The Australian Paralympic Swim Team has kicked off its Tokyo 2020 campaign in frenetic fashion, collecting an impressive eight medals at the Tokyo Aquatic Centre on the opening night of the competition, including four gold, one silver and three bronze.
In the first event of the night – the Men’s 400m Freestyle (S9) – William Martin took an early lead and never gave in, storming home in lane six to win gold in a new Paralympic record time of 4:10.25. In a tremendous result for Australia, Alex Tuckfield – who pulled on the green and gold for the first time – snared the bronze medal in a new personal best of 4:13.54. Reigning Paralympic champion and decorated Australian Dolphin, Brenden Hall, clocked the fastest time he’d swam in three years to place fourth.
A shocked Martin couldn’t believe he’d become a Paralympic champion.
“I was in front and that's just the way that I wanted to keep it. I was a tiny bit off so that's a bit annoying but other than that, I'm pretty ecstatic. I got this medal, so I'm really happy.”
An epic finish in the Women’s 400m Freestyle (S9) saw Lakeisha ‘Lucky’ Patterson touch narrowly ahead of her Hungarian counterpart in 4:36.68 to record Australia’s second gold medal of the night. Remarkably, it was on this day five years ago – which also happens to be her mum’s birthday – that she won this event in the S8 class in Rio. Showing the depth of the Australian side, Dolphin leader and four-time Paralympian, Ellie Cole, touched for fourth in 4:43.98.
Speaking after the race, Patterson said she knew it was going to be a fierce final.
“It was such a tight race, and I knew it was going to be a really tough one,” she said.
“I knew I had to attack it from the start, and I could briefly see out of the corner off my eye to the left in that last 50 metres how close the Hungarian was.
“I knew that I had given it everything I could, and I was thinking back to all those training sessions. I’m fortunate to train with a really incredible squad, so just kicking back into what I did at training and try and fight for that final lap.”
In the first splash and dash of the meet, an elated Rowan Crothers gave it everything he had to triumph in the Men’s 50m Freestyle (S10). Powering home to touch the wall in a new Australian record time of 23.21, the 23-year-old crushed his personal best for the second time today to secure his first Paralympic medal. Fellow compatriot, Tom Gallagher, also pulled out a brilliant performance and new personal best to see him place fifth overall in his debut Paralympic final.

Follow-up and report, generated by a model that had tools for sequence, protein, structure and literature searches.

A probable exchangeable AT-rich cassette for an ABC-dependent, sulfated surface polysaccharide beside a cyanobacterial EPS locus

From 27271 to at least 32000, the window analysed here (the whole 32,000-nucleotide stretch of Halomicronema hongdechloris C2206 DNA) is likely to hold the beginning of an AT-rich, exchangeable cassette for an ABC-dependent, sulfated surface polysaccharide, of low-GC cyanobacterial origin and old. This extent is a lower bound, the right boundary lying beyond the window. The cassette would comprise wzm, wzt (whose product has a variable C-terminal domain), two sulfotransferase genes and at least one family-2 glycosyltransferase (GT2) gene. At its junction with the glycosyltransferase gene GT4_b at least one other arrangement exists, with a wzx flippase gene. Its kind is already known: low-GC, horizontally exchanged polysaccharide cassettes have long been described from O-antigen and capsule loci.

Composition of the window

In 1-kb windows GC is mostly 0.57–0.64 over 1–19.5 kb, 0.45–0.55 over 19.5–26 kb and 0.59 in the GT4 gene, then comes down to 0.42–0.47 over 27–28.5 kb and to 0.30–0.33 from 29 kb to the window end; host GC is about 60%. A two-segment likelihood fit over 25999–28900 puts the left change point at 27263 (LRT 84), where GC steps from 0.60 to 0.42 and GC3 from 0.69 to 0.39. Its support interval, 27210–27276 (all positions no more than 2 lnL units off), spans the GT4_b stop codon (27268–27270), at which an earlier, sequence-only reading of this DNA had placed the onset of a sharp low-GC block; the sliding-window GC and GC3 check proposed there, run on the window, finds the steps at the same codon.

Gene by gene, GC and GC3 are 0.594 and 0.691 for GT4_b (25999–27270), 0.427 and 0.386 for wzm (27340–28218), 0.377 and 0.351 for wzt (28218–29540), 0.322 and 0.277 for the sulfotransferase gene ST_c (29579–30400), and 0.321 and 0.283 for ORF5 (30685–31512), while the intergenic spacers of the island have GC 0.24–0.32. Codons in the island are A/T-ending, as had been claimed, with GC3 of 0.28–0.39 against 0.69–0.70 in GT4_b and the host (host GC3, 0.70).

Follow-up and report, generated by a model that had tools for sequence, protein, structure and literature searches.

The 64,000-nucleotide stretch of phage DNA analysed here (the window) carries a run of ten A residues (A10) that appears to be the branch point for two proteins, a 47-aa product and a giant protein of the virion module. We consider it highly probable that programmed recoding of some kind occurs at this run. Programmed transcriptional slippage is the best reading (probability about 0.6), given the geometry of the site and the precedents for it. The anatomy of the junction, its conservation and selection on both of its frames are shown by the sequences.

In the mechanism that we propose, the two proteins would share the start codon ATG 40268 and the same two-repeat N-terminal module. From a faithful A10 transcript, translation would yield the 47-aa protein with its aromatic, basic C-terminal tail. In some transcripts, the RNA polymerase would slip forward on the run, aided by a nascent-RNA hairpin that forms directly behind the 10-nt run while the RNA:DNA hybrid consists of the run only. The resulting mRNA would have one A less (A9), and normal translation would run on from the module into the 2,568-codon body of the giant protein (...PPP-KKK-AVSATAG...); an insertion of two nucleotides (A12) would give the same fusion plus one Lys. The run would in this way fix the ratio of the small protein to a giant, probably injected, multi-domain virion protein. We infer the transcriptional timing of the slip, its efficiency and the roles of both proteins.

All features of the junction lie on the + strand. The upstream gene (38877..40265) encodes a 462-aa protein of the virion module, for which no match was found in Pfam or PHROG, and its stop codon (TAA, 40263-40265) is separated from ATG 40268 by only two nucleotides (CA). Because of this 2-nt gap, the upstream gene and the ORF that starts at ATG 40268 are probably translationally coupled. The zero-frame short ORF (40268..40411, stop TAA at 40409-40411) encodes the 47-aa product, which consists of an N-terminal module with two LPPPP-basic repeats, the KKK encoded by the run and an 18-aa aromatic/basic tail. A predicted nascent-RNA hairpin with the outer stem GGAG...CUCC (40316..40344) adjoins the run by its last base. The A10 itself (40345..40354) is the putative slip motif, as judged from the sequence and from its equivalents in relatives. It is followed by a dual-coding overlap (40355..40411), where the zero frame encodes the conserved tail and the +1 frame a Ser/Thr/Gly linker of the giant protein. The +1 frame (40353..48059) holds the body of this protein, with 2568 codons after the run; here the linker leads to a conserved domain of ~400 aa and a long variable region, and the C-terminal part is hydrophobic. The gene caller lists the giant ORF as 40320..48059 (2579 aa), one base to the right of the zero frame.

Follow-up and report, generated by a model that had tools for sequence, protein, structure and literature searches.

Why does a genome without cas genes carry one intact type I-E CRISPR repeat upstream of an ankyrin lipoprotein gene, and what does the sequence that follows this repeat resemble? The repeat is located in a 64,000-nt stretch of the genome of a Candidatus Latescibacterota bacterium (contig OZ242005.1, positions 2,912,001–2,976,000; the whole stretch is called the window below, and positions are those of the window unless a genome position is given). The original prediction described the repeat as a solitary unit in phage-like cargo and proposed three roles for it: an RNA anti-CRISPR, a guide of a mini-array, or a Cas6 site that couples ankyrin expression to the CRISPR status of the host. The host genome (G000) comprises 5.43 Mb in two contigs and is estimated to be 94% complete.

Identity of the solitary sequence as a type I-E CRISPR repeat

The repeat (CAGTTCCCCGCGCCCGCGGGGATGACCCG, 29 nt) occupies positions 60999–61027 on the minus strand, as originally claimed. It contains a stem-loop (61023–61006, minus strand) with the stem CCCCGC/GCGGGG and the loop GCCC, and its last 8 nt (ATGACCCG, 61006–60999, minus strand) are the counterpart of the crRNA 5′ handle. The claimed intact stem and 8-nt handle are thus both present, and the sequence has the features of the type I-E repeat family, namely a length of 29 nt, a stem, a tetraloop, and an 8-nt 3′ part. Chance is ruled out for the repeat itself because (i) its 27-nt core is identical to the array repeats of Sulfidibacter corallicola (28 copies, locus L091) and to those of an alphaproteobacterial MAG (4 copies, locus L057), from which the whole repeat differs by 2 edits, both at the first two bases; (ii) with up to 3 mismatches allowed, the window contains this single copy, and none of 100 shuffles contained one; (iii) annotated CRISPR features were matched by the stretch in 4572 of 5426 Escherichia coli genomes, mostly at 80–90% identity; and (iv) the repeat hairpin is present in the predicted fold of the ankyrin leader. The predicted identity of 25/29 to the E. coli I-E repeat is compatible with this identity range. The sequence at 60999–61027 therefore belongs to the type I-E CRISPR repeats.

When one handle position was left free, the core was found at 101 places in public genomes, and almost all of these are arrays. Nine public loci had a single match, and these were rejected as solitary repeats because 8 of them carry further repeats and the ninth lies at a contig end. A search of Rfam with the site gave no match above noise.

After watching his best mate Rowan Crothers win gold in the previous race, Ben Popham was inspired to do the same and took home Australia’s fourth gold medal of the evening in the Men’s 100m Freestyle S8. Hitting the wall in 57.37, Popham equalled the Australian record he set at Trials in June.
The medals kept flowing for the Aussies on night one, with Games debutant Ben Hance snaring bronze in the Men’s 100m Butterfly (S14). An incredible feat at his first international outing, the 21-year-old posted a personal best of 56.90 to secure his place on the podium. Young Auburn swimmer, Ricky Betar, placed eighth in 58.62.
Not to be outdone, Paige Leonhardt and Ruby Storm captured a silver and bronze respectively in the Women’s 100m Butterfly (S14). Leonhardt posted a time of 1:05.48 to better the Australian record she set at Trials in June, while Storm smashed her personal best for the second time today – recoding 1:06.50 to see her swim sub 1:07 for the first time in her career.
In more action tonight, Ahmed Kelly also had his first hit out in the water and placed seventh in the Men’s 100m Breaststroke (SB3). Clocking 54.89, Kelly improved his time from the heat swim this morning and will give him confidence for the rest of his program.
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